GUEST VIEW: Time to review state’s relaxed helmet law

The following editorial was published in the April 3 edition of the Grand Haven Tribune:

A couple of West Michigan doctors say the decision six years ago to relax the state’s motorcycle helmet law needs to be seriously re-examined.

We think we should listen to the doctors.

In 2012, state legislators changed the requirement to wear protective headgear (read: a helmet) while driving or riding on a motorcycle. They decided to allow motorcyclists ages 21 and older to decide for themselves, as long as they carried an additional $20,000 on their insurance policy and complete a safety course.

Six years later, there is enough data to confirm what many health professionals feared.

“We recognize that even people who ride bicycles need to wear helmets to avoid injuries,” Dr. John Girotto, pediatric craniofacial plastic surgeon at Spectrum Health Helen DeVos Children’s Hospital, was quoted for a story on the Spectrum Health Health Beat website (“Big downsides to law helmet law,” Feb. 15). “How come we decided people don’t need helmets when they ride motorcycles?”

Girotto and a colleague, Dr. Nicholas Adams, a plastic surgeon resident with Spectrum Health and Michigan State University College of Human Medicine, would like to see the law requiring motorcyclists to wear a helmet reinstated. At the least, they continue to push for awareness about the increased risk that accompanies a biker’s decision to ride without a helmet.

The Health Beat article points out that two recent scientific studies indicate that there have been “notable increases in the types of injuries that result from not wearing a helmet.”

The June 2017 issue of Plastic and Reconstructive Surgery, the official medical journal of the American Society of Plastic Surgeons, says researchers have found the proportion of trauma patients who were not wearing helmets has jumped from 20 percent to 44 percent. Furthermore, a helmet-less biker was about twice as likely to suffer facial injuries in a crash, according to the report.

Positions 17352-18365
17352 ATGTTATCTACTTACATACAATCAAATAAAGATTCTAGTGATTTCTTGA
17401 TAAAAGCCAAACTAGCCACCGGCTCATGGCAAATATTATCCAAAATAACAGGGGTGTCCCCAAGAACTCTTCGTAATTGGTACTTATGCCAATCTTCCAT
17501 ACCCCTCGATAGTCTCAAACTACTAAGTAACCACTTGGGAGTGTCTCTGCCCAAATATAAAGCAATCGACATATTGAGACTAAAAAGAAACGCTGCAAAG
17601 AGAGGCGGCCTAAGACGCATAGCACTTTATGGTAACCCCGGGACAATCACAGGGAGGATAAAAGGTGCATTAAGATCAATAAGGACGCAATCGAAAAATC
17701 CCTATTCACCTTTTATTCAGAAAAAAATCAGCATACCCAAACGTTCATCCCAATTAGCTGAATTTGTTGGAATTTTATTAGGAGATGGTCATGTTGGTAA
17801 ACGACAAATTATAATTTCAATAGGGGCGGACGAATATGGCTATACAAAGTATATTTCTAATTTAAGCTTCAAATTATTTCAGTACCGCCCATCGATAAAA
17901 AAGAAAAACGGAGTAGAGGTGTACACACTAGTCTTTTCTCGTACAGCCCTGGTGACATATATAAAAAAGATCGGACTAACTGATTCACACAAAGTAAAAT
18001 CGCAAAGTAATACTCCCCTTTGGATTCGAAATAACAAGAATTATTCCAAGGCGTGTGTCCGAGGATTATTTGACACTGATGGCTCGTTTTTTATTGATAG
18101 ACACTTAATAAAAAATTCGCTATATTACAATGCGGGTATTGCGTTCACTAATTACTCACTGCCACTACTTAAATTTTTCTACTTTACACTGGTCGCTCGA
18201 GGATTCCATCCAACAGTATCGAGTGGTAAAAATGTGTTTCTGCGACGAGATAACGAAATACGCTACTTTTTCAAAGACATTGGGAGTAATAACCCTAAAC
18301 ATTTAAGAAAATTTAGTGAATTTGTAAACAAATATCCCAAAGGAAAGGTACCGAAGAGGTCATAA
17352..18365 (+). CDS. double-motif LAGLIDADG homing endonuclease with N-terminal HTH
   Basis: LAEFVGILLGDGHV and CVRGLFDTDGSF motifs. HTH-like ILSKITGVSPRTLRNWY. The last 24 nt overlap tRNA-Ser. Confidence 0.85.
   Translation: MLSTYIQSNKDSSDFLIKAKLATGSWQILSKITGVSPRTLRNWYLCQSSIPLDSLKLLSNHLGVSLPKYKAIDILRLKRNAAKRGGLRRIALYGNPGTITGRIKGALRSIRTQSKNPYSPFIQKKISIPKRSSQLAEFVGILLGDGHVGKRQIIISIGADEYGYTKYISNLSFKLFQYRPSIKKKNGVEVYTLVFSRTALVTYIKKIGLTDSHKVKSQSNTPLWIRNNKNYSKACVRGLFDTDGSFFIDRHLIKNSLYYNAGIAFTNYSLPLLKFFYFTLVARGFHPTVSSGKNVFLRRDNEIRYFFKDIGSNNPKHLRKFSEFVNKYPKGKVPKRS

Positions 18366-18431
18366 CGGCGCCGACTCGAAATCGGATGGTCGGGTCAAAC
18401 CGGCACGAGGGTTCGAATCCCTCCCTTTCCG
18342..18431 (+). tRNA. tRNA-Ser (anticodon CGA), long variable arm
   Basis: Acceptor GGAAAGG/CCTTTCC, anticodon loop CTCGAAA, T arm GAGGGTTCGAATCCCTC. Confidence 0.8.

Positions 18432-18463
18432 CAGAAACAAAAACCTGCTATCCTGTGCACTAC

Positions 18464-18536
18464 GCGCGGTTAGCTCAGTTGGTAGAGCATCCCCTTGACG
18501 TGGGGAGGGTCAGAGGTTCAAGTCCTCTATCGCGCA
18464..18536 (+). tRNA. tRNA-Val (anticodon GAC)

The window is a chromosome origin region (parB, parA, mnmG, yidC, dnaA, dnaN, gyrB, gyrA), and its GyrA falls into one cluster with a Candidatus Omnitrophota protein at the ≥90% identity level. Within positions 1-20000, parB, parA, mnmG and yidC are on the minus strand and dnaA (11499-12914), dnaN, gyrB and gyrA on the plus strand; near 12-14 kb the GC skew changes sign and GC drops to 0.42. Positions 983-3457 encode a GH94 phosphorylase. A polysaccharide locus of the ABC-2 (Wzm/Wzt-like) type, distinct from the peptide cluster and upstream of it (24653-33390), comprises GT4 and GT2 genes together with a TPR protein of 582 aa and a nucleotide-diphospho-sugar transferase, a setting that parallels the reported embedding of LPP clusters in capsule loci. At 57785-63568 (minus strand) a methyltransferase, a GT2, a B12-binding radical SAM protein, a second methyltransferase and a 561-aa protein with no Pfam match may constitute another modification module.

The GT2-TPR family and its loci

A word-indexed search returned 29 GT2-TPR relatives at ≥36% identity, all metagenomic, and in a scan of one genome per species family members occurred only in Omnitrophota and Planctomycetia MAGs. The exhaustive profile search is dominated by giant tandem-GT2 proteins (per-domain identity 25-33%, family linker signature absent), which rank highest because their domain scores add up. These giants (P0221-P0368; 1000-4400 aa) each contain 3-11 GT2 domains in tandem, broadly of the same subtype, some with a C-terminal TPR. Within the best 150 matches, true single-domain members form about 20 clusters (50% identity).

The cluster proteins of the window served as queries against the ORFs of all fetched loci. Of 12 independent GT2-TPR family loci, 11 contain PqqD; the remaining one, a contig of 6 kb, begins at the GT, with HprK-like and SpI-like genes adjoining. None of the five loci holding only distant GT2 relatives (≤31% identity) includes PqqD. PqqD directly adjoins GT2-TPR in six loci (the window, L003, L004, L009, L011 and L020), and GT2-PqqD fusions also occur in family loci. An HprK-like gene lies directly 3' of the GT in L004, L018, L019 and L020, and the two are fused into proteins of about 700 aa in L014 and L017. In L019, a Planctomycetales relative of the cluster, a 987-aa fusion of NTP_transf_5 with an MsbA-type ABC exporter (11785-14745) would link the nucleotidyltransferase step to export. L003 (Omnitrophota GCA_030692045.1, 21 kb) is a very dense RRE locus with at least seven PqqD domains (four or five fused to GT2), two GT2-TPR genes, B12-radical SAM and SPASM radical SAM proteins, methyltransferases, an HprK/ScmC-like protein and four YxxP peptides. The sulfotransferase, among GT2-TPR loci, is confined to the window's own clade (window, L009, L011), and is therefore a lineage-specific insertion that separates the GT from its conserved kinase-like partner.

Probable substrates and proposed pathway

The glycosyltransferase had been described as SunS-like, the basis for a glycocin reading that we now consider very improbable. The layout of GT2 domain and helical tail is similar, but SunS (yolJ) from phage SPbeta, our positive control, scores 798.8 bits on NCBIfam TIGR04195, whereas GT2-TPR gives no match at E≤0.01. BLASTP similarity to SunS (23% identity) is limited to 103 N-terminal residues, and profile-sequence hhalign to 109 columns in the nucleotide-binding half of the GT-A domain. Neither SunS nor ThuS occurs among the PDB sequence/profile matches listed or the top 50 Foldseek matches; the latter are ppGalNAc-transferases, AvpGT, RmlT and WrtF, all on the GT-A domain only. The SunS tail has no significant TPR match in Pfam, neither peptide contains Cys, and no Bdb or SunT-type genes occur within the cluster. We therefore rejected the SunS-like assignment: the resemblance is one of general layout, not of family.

This past September, a report in the American Journal of Surgery says researchers believe Michigan’s weakened helmet law coincides with a massive spike in traumatic brain injuries. Plus, there is a significant increase in the cost of caring for patients with such injuries, the report notes. …

The Motorcycle Safety Foundation stresses the importance of wearing a Department of Transportation-certified helmet: “Helmet effectiveness has been confirmed by scientific studies, while helmet myths — ‘helmets break necks, block vision and impair hearing’ — have been consistently disproved. Safety-conscious riders wear helmets as a sensible, responsible choice every time they ride.”

Is anyone listening? It doesn’t look like anyone in the state Legislature. Dr. Girotto said he’s “reached out to a multiple number of my representatives without much traction.” …

There are currently 19 states and the District of Columbia with laws requiring all motorcyclists to wear a helmet. Laws requiring only some motorcyclists to wear a helmet are in place in 28 states, including Michigan. There is no motorcycle helmet use law in three states: Illinois, Iowa and New Hampshire.

Michigan needs to return to the first list.

In the meantime, if you ride a motorcycle, remember that doctors say you are much less likely to have a facial injury or traumatic brain injury when you wear a helmet. So why wouldn’t you?

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Posted by Tribune News Services

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